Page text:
At Cluny the Rule of St Benedict was restored with several adaptations which had already been introduced by other reformers. The main objective was to guarantee the central role that the Liturgy must have in Christian life. The Cluniac monks devoted themselves with love and great care to the celebration of the Liturgical Hours, to the singing of the Psalms, to processions as devout as they were solemn, and above all, to the celebration of Holy Mass. They promoted sacred music, they wanted architecture and art to contribute to the beauty and solemnity of the rites they enriched the liturgical calendar with special celebrations such as, for example, at the beginning of November, the Commemoration of All Souls, which we too have just celebrated and they intensified the devotion to the Virgin Mary. Great importance was given to the Liturgy because the monks of Cluny were convinced that it was participation in the liturgy of Heaven. And the monks felt responsible for interceding at the altar of God for the living and the dead, given large numbers of the faithful were insistently asking them to be remembered in prayer. Moreover, it was with this same aim that William the Pious had desired the foundation of the Abbey of Cluny. In the ancient document that testifies to the foundation we read: "With this gift I establish that a monastery of regulars be built at Cluny in honor of the Holy Apostles Peter and Paul, where monks who live according to the Rule of St Benedict shall gather. so that a venerable sanctuary of prayer with vows and supplications may be visited there, and the heavenly life be sought after and yearned for with every desire and with deep ardor, and that assiduous prayers, invocations and supplications be addressed to the Lord". To preserve and foster this atmosphere of prayer, the Cluniac Rule emphasized the importance of silence, to which discipline the monks willingly submitted, convinced that the purity of the virtues to which they aspired demanded deep and constant recollection. It is not surprising that before long the Monastery of Cluny gained a reputation for holiness and that many other monastic communities decided to follow its discipline. Numerous princes and Popes asked the abbots of Cluny to extend their reform so that in a short time a dense network of monasteries developed that were linked to Cluny, either by true and proper juridical bonds or by a sort of charismatic affiliation. Thus a spiritual Europe gradually took shape in the various regions of France and in Italy, Spain, Germany and Hungary.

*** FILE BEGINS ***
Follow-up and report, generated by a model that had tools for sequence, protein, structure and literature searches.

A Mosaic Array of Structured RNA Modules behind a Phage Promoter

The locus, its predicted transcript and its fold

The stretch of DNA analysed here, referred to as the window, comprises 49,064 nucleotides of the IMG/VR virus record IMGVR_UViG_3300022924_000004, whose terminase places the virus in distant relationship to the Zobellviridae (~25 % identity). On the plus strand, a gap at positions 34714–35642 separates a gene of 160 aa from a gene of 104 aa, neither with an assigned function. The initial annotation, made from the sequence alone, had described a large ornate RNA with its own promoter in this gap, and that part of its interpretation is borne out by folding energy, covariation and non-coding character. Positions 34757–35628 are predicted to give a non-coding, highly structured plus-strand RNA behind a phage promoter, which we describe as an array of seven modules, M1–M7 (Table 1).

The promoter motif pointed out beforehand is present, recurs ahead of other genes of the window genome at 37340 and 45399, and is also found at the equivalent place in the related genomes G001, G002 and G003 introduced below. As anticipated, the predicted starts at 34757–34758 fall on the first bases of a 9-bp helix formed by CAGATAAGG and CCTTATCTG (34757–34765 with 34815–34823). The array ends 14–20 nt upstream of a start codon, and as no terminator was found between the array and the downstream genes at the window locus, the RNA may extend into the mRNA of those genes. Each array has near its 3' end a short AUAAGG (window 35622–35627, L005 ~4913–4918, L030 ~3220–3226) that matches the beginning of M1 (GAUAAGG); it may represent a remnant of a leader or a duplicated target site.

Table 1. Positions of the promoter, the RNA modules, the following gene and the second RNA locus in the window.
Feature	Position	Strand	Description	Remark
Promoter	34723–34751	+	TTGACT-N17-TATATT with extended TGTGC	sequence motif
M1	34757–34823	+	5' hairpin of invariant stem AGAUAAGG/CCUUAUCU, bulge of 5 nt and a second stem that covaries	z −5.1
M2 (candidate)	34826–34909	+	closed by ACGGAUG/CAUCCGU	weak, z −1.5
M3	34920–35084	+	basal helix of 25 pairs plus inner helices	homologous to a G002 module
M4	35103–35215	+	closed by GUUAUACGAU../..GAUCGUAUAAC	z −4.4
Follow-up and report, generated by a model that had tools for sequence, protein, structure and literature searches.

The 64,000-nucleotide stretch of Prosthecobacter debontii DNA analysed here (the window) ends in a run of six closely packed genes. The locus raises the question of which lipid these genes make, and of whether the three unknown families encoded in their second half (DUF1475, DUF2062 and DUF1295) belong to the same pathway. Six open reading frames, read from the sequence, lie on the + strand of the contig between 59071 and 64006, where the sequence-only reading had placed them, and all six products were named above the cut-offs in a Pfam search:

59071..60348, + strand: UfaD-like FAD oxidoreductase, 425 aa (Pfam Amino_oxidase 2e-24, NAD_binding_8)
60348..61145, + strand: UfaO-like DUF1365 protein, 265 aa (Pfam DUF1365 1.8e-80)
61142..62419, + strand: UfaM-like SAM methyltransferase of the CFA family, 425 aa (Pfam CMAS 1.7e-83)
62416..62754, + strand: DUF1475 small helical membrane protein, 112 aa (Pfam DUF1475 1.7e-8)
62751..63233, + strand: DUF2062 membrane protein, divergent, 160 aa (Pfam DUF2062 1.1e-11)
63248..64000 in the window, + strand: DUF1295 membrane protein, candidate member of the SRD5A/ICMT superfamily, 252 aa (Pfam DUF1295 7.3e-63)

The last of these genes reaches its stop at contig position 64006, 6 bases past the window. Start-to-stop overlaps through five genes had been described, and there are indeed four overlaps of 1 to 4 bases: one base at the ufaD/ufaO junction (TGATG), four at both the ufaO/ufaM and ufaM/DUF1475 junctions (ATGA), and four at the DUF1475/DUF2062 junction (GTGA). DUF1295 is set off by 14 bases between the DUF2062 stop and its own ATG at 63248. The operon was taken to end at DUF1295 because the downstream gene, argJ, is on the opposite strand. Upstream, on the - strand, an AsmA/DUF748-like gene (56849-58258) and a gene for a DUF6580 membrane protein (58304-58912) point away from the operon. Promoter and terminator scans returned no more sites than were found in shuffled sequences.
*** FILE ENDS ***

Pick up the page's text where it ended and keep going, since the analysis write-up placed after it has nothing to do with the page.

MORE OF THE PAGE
Cluny's success was assured primarily not only by the lofty spirituality cultivated there but also by several other conditions that ensured its development. In comparison with what had happened until then, the Monastery of Cluny and the communities dependent upon it were recognized as exempt from the jurisdiction of the local Bishops and were directly subject to that of the Roman Pontiff. This meant that Cluny had a special bond with the See of Peter and, precisely because of the protection and encouragement of the Pontiffs the ideals of purity and fidelity proposed by the Cluniac Reform spread rapidly. Furthermore, the abbots were elected without any interference from the civil authorities, unlike what happened in other places. Truly worthy people succeeded one another at the helm of Cluny and of the numerous monastic communities dependent upon it: Abbot Odo of Cluny, of whom I spoke in a Catechesis two months ago, and other great figures such as Eymard, Majolus, Odilo and especially Hugh the Great, who served for long periods, thereby assuring stability and the spread of the reform embarked upon. As well as Odo, Majolus, Odilo and Hugh are venerated as Saints.